CLS believes that "the Good News" has specific content and that certain propositions about Jesus Christ (e.g., that He is God) are true. It believes that the accurate communication of those truths has eternal consequences. To ensure the accurate communication of those truths, CLS (like most Christian organizations) draws its messengers from among those who agree with its message.

I acknowledge that there are many who disagree with CLS's beliefs. Nonetheless, I would hope that everyone would understand why most expressive organizations want their messengers to agree with their messages–particularly when the group believes, as CLS does, that the accurate communication of the message can have (eternal) life-or-death consequences. CLS believes that a false or different Gospel saves no one. Again, I acknowledge that many deny the existence of God, deny the need for "salvation" differ as to the content of "the Good News" or deny that Jesus Christ is the sole way of salvation. But I hope that readers understand why CLS cares so much about what its "messengers" believe–and why compliance with Hastings' requirements is so problematic for CLS.

Professor Hamilton views this case not through the lens of CLS, but through the lens of the hypothetical student who rejects CLS's Statement of Faith and its related ethical positions (e.g., regarding extramarital sexual activity). For example, she imagines a student who "might well be interested in–and even in agreement with–CLS's views in other areas" (i.e., areas other than sexual ethics) and a student who "might simply be interested in learning more about CLS's views." There is nothing wrong with considering the case from this perspective, but I think she goes too far in apparently believing that such a student should have the right not only to attend CLS meetings but also to vote for and serve as a CLS officer. She states that "[j]ust because a student has some reservations about the beliefs of a group simply does not mean that he or she would not want to be part of the group and even in its voting membership and leadership."

Obviously, Professor Hamilton is quite correct that there may be students who share some of CLS's views (e.g., that extramarital sex is wrong) but reject others (e.g., that Jesus rose from the dead). She is also correct that some of these students might "be interested in learning more about CLS's views."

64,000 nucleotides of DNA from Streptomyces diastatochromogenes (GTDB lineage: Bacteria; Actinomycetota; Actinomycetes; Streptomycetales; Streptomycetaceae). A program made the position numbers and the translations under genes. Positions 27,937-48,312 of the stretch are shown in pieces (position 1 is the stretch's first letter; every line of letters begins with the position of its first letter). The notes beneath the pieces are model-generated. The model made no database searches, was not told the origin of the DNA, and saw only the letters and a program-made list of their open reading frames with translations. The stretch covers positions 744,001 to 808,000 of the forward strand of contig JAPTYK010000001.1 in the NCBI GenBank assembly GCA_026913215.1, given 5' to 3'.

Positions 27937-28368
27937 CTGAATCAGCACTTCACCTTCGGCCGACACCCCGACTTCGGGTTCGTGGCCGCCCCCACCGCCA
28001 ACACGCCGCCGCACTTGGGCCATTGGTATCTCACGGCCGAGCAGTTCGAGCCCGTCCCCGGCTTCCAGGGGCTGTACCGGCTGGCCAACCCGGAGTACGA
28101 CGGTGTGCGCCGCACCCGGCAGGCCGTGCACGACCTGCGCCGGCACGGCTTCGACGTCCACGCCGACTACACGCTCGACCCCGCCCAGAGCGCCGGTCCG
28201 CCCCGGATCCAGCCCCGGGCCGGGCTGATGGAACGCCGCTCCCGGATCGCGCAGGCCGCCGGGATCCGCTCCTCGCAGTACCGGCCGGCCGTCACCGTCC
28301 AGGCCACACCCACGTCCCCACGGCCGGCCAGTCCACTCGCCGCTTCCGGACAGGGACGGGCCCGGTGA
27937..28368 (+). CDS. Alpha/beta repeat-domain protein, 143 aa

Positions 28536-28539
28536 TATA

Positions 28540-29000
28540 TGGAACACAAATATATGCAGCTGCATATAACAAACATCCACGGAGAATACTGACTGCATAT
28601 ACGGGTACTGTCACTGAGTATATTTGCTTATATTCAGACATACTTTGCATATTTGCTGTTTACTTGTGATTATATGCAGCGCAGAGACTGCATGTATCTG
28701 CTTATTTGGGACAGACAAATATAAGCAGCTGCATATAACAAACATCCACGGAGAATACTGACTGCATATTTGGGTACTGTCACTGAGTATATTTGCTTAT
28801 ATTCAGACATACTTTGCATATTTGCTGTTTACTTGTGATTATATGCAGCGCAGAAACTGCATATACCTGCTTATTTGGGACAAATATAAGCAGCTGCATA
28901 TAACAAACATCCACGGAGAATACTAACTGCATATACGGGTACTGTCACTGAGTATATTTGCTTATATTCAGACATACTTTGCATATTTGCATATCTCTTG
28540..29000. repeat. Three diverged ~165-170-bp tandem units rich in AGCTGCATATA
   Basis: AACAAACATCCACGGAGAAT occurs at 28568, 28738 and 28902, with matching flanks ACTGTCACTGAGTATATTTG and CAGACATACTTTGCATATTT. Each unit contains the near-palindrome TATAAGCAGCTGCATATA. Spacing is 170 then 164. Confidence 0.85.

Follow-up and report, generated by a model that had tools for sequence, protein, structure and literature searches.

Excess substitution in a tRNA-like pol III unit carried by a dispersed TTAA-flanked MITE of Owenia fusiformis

What I honestly don't understand is why it is so critical for such students to be leaders or voting members. Why isn't attendance and participation at events and meetings enough? Is holding a leadership position really the only way (or even the best way) to "learn more about CLS's views"?

I am skeptical that very many such students–ones who reject some or all of CLS's religious beliefs–would want to serve in a leadership position or have the right to vote for leaders. [Of those that do, it is reasonable to suppose that many of them do so because they want to change CLS from within–thus underscoring the legitimacy of CLS's concern about the impact on its message of admitting non-believers to leadership and voting membership positions.] Indeed, in this litigation, Hastings was unable to identity a single student who rejected CLS's views but who wanted to serve as an officer or voting member. Even if such a student existed, does his or her simple desire to lead or vote in a group whose beliefs he or she rejects really outweigh the right of the group to maintain the integrity, consistency, and accuracy of its message? To answer yes is to embrace an absurdly extreme version of individualism.

Professor Hamilton writes ominously about how the very future of "open intellectual exchange" on campus hangs in the balance in this case. She goes so far as to declare that CLS's approach "is certain to keep America behind the rest of the world in innovation, not to mention intolerant." Professor Hamilton declares that CLS desires a universe where "Republicans don't want to talk to Democrats, and homosexuals would never want to talk to conservative Christians on any issue." Really? Does a Christian group's desire that its leaders be Christian really entail some dark hope that people who disagree never talk with one another? Recall that CLS is evangelistic: it wants to "talk to" people who reject Christianity. But it understandably doesn't want such people to be in charge of CLS, setting its agenda and communicating (and likely distorting) its message.